Shares in fresh pork supplier Cranswick (CWK) cheapened 3p to £10.12 this morning, as investors took some profits off the table in spite of a sizzling fourth quarter sales update from the food producer. Nevertheless, analysts have upgraded estimates for the sausage and bacon processor, which continues to outperform rivals amid subdued UK grocery market conditions.

Cranswick chart - April 2013


In a fourth quarter update foreshadowing next month's (20 May) full year results to March, the £492 million cap pleased with news underlying sales skipped 5% higher last year, good going given the downwards pressure being exerted on the disposable incomes of UK consumers. Total sales including last summer's (2 Jul) acquisition (add link) of cooked meats outfit Kingston Foods, warmed up by a creditable 7%.


Impressively, underlying fourth quarter sales grew 13%, helped by the start of new fresh pork contracts with retail bellwether Marks & Spencer (MKS) and Asda, the supermarkets giant owned by US retail titan Wal-Mart Stores (WMT: NYSE). Most of the Hull-headquartered company's other divisions also delivered good volume growth too.


Acceleration in growth towards the end of the year was driven by Cranswick's focus on new product development, robust performances across its broadening product portfolio within retail stores, as well as market share gains. Continued strong growth in exports was also at play, with second half volumes boosted by the award of export licenses for China to the company's two fresh pork factories in the third quarter.


The company also appears to have been a beneficiary of the horsemeat scandal, as many consumers have switched from frozen products and ready meals to fresh meat joints, particularly those with British labels. This has played into the hands of Cranswick, since most of the pigs it uses are reared here in the UK.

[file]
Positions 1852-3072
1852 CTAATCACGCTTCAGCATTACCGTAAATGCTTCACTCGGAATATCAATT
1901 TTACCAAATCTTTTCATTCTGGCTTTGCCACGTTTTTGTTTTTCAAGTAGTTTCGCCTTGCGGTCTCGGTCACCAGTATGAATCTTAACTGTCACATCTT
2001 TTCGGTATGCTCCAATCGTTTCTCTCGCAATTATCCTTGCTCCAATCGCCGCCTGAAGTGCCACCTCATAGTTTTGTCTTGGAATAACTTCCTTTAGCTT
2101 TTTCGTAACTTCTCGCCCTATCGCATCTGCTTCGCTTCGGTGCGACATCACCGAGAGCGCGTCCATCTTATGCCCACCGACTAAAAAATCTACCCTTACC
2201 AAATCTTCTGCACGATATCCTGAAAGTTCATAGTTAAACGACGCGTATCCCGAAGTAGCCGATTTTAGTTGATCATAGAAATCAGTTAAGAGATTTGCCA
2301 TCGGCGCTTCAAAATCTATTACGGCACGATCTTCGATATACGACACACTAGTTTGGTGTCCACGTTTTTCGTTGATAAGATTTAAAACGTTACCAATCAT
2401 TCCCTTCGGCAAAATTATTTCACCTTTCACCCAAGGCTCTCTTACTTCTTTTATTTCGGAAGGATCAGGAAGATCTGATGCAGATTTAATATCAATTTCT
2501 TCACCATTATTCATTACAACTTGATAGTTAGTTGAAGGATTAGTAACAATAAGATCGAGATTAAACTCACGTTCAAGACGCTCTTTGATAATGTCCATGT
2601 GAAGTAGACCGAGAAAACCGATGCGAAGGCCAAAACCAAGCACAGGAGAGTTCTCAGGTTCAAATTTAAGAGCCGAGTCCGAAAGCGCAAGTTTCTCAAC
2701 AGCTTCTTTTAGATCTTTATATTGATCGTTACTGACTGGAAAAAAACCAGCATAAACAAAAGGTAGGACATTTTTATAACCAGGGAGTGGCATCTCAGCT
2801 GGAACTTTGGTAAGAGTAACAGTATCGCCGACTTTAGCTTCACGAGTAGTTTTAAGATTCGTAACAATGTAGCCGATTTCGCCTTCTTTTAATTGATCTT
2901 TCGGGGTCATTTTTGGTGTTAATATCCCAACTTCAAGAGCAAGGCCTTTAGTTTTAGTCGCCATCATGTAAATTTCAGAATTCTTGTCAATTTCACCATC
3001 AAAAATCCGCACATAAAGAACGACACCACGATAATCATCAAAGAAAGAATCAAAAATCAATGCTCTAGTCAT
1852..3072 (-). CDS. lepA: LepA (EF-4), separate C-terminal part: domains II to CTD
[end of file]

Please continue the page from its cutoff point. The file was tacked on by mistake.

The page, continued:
City number crunchers were also heartened by news operating margins are likely to be broadly in line with last year's 5.7% figure, a creditable achievement given recent gyrations in UK pig prices. Cranswick, whose range also spans pastry products and sandwiches, has proven its ability to negotiate price increases with hard-pressed customers. This pricing power will be vital in the months ahead, with the pig meat price expected to trend higher throughout the Spring months.


Cash-generative Cranswick invested £30 million in its asset base last year, including the commissioning of a new fresh pork retail packing facility in Hull, in order to drive operational efficiencies, support new product development and boost its cost-competitive position.


Following the update, Panmure Gordon is sticking with its 'hold' rating yet edges up its published price target from £10 to £10.50. For the year to March, the broker maintains its £48 million taxable profits forecast, giving earnings of 78.6p. 'Despite the prospect of rising pig prices we expect Cranswick to be able to manage the situation and should also benefit from the additional fresh pork volumes from Asda and M&S', the broker writes. For March 2014, Panmure has upgraded its profit estimate by £1 million to £51 million and raised its EPS forecast from 79.2p to 80.6p.


Shore Capital has nudged up its March 2013 profit forecast by £500,000 to £48.5 million for earnings of 77.1p and has a 29.8p dividend, covered more than 2.5 times, pencilled in. For next year, the broker has upgraded profits by £300,000 to £51.2 million for earnings of 82.1p and an expected 7.4% hike in the shareholder payout to 32p.

Issue Date: 04 Apr 2013